Regardiless if we use DX10, DX11 or DX 11 with Tesselation the HD5970 manages to beat all the other cards.

As expected there is no change when we increase the resolution.


Surprisingly this is a really good Batman-game with excellent graphics and real good gameplay. The game uses the UNreal 3-engine and NVIDIA has been helping the developer making sure that this is one of the games that is used to show off what PhysX can do. AA cannot be turned on inside the game for AMD-cards and instead needs to be set in the Catalyst controlpanel. We also ran into a problem with the GTX295 where we had to turn off PhysX in the NVIDIA control panel to get it to run at full speed inside the game. It seems the second GPU otherwise was reserved for PhysX even though we did not turn off PhysX inside the game. During this testing PhysX hardware support was turned off.

The HD5970 just barely manages to beat the GTX295.

No change as we move up in the resolution. The NVIDIA cards of course has a clear edge in the game as they allow us to turn on PhysX and, albeit with reduced framerates, play the game with nicer graphics with lots of cool effects.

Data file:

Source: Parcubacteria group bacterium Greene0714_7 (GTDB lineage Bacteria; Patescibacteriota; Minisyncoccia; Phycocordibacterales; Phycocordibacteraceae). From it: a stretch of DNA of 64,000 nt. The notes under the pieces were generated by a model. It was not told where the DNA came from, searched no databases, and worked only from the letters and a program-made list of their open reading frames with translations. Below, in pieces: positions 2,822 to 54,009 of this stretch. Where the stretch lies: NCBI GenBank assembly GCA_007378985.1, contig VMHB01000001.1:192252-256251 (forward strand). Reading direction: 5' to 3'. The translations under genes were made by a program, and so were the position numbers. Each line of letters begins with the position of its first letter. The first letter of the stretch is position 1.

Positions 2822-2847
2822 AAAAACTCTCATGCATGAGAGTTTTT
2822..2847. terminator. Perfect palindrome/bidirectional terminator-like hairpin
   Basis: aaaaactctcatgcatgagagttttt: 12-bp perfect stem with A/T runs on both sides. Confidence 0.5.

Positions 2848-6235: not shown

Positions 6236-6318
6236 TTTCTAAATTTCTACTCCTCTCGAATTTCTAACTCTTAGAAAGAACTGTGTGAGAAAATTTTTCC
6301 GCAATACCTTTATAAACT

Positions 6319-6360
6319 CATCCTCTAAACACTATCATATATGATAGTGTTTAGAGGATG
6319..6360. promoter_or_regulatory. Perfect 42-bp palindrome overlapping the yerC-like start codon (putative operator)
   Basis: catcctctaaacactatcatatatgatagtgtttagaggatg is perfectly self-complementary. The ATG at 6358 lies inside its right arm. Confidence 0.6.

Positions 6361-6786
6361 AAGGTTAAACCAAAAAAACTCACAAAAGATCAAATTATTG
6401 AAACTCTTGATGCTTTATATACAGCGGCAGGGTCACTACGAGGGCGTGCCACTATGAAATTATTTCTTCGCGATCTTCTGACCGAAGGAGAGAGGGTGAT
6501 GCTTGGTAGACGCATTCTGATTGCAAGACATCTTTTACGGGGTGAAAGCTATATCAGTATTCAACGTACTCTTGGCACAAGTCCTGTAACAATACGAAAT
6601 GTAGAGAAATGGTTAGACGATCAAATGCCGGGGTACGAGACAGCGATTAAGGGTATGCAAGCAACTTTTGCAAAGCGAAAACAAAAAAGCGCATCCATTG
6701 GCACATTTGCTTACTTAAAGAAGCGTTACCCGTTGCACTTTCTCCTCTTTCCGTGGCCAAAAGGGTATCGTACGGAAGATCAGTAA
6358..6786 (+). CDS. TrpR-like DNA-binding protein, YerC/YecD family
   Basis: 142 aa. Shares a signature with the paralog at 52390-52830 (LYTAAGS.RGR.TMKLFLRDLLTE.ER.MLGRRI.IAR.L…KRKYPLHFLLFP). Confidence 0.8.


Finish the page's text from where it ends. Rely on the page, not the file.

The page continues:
To get a better overview on how much faster the HD5970 is than the GTX295 and the HD5870 we’ve created two charts where the performance of the GTX295 and HD5870 respectively has been set to 1. The results at the highest tested setting were used. To see what these were for each game head to their specific page in this article.


With the exception of Batman: Arkham Asylum the HD5970 is beating the GTX295 comfortably in every game.

The performance is scaling very nicely from the single-GPU HD5870 to the dual-GPU HD5970.



The power consumption was measured at the wall and excludes the monitor.

At idle/low load the HD5970 manages to draw 17W less than the GTX295. When we load the card with FurMark the HD5970 instead draws 13W more. In the end it is interesting to see that even with a Core i7 CPU and one of these expensive and power hungry cards we still do not break 500W at the wall. If we want to stay below 80% usage when the system is fully loaded it means we still can get away with a 600-650W powersupply.


The sound level was measured at 1 meter distance.

Neither of the cards are especially silent and the HD5970 is marginally worse than the ASUS GTX295.


The temperatures were measured with MSI Afterburner.

There isn’t much difference between the two cards and both the GTX295 and the HD5970 get hot when put under full load. The coolers though are set up to handle the heat so it should not be a problem.